Study  Country (location of corresponding author)  Cochrane (if it is a Cochrane review or not)  Funding (funding for conducting the review)  Protocol (if there is prospective registration or protocol publication)  Number of included studies in the review  Total sample size (number of participants included)  Meta analysis (if meta-analyses were performed or not)  Intervention  Comparison 
Bystrom 201345  Sweden  No  No  No  16  2675  Yes  Motor control exercise  General exercise, spinal manual therapy, multimodal physical therapy and minimal intervention 
Chang 201536  Taiwan  No  Yes  No  173  No  Core strength training  Typical resistance training 
Dunsford 201146  Australia  No  No  No  758  No  McKenzie therapy  Exercise, manual therapy, education and heat 
Dvorak 201137  United States  No  No  No  682  No  Exercise therapy  Manual therapy 
Gomes-Neto 201747  Brazil  No  No  No  11  1013  Yes  Motor control  General exercise and manual therapy 
Gordon 201648  United Kingdom  No  Yes  No  14  743  No  Aerobic, motor control and flexibility exercises  Passive and active treatments 
Hayden 200538  Canada  Yes  No  Yes  61  6390  Yes  Exercise therapy  No treatment, placebo, Other conservative therapies and other exercises 
Hendrick 201049  New Zealand  No  No  No  311  No  Walking  Conventional therapy and No treatment 
Hettinga 200750  United Kingdom  No  Yes  No  31  3953  No  Exercise therapy  Other treatments 
Hilde 201351  Norway  No  No  No  932  No  Flexion and extension exercises  Standard treatments and No treatment 
Hill 201352  United Kingdom  No  No  No  711  No  Yoga  Minimal intervention and physical therapy interventions 
Kalin 201653  Switzerland  No  No  No  257  No  Sensory discrimination training  No treatment, placebo, exercise and passive treatment 
Kool 200454  Netherlands  No  No  No  14  2796  Yes  Exercises  Usual care and passive therapies 
Laird 201239  Australia  No  No  No  12  696  No  Movement based intervention  General exercise, spinal manipulation and No treatment 
Lawford 201656  Australia  No  No  Yes  869  No  Walking  Inactive interventions and Non-pharmacologic intervention 
Lewis 200886  Australia  No  No  No  15  1695  No  Rehabilitation exercises, stabilization and other exercises  Manual therapy, surgery and other treatments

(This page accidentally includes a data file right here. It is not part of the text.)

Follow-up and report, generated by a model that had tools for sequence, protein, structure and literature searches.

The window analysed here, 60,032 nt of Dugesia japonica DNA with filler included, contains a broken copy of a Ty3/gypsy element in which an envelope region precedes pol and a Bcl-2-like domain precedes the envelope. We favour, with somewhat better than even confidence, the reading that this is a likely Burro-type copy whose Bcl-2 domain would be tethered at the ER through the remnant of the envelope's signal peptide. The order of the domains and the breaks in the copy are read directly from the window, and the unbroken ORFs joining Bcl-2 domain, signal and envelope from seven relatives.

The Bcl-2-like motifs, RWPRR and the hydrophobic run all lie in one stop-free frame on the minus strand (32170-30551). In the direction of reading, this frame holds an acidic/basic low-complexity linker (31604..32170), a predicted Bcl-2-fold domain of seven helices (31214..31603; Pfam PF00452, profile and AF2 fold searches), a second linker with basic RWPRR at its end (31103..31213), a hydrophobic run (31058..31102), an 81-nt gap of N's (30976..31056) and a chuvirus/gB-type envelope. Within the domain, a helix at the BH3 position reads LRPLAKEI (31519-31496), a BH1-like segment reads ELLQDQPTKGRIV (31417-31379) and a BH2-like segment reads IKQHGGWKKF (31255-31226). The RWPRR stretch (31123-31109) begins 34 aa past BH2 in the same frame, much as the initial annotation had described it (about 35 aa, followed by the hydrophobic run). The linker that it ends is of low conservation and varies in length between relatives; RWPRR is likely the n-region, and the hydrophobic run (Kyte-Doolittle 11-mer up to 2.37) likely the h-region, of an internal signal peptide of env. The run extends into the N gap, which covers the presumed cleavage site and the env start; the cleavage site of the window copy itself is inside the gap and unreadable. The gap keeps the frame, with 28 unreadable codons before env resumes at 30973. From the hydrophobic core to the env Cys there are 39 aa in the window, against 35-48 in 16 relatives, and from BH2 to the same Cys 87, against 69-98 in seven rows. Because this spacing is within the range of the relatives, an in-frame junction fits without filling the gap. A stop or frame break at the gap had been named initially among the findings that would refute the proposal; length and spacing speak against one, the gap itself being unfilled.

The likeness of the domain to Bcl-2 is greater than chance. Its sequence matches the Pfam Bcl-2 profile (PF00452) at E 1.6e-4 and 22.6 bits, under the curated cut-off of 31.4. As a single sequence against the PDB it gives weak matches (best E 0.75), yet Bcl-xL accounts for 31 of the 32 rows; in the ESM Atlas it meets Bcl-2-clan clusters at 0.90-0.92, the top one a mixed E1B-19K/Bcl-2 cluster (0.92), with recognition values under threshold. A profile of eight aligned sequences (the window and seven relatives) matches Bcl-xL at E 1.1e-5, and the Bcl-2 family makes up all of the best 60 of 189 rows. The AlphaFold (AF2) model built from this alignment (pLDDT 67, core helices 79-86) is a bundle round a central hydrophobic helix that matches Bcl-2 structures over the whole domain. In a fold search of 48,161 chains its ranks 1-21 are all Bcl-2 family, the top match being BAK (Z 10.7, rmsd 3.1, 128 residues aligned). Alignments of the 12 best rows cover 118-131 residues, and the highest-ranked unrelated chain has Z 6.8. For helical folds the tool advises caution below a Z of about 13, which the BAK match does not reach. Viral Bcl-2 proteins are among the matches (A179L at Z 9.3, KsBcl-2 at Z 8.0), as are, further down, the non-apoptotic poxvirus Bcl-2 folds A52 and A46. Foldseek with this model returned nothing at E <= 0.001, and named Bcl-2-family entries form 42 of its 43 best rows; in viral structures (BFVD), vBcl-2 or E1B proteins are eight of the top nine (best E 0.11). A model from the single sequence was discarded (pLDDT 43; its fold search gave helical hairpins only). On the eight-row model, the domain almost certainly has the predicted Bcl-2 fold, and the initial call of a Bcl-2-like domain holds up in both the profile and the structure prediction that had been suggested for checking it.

Liddle 200458  United Kingdom  No  Yes  No  16  1730  No  Strengthening, flexibility and cardiovascular exercises  No treatment, passive therapies, medication and other exercises 
Lim 201159  Singapore  No  Yes  No  194  Yes  Pilates  Minimal or other interventions 
Lin 201640  Taiwan  No  No  No  500  No  Pilates  Minimal intervention, No intervention and other exercises 
Macedo 201041  Australia  No  No  Yes  15  1654  No  Graded activity  Minimal intervention and other exercises 
Machado 200642  Australia  No  No  No  29  2431  Yes  McKenzie therapy  Passive therapies, advice, exercises, spinal manipulation and back school 
McCaskey 201443  Switzerland  No  No  Yes  18  1380  No  Proprioceptive exercises  Inactive treatments, usual care, home based training, endurance, strengthening and stretching exercises 
Merepeza 201444  Canada  No  No  No  796  No  Exercise therapy  Spinal manipulation 
Miyamoto 201360  Brazil  No  No  No  363  Yes  Pilates  No treatment, minimal intervention and other interventions 
Patti 201561  Italy  No  No  No  29  1373  No  Pilates  No treatment, minima intervention and other exercises 
Pereira 201262  Brazil  No  Yes  No  139  Yes  Pilates  Lumbar stabilization exercises 
Rackwitz 200663  Germany  No  Yes  No  551  No  Stabilizing exercises alone or combined with other therapies  Other physical therapy interventions 
Saragiotto 201629  Australia  Yes  Yes  No  29  2431  Yes  Motor control exercises  Minimal intervention, manual therapy and other exercises 
Schaafsma 201364  Netherlands  Yes  No  Yes  25  4404  Yes  Physical conditioning exercises  Usual care 
Searle 201565  Australia  No  No  No  45  4462  Yes  Exercise therapy  Wait list, usual care, electrotherapies, manual therapy 
Slade 200666  Australia  No  No  No  15  903  Yes  Strengthening exercises  No exercises, other exercises and surgeries 
Slade 200767  Australia  No  No  No  830  Yes  Unloaded movement facilitation exercises  Stabilization exercises, education, chiropractic and usual care 
Surkitt 201268  Australia  No  No  Yes  474  No  Directional preference exercises  No treatment and other conservative treatments 
Touche 200855  Spain  No  No  No  141  No  Pilates  Back school and No treatment 
Van der Giessen 201269  Netherlands  No  No  No  10  680  No  Graded activity  Usual care, active physical treatments and wait list 
Wang 201213  China  No  Yes  No  414  Yes  Core stability exercise  General exercise 
Wieland 201711  United States  Yes  No  Yes  12  1080  Yes  Yoga  No exercise and other exercises 
Yamato 201510  Brazil  Yes  Yes  Yes  10  510  Yes  Pilates  Minimal interventions and other exercises 
Table 3.

AMSTAR 2 assessment of each included systematic review.

Study  AMSTAR 2 ITENSOverall rating 
  10  11  12  13  14  15  16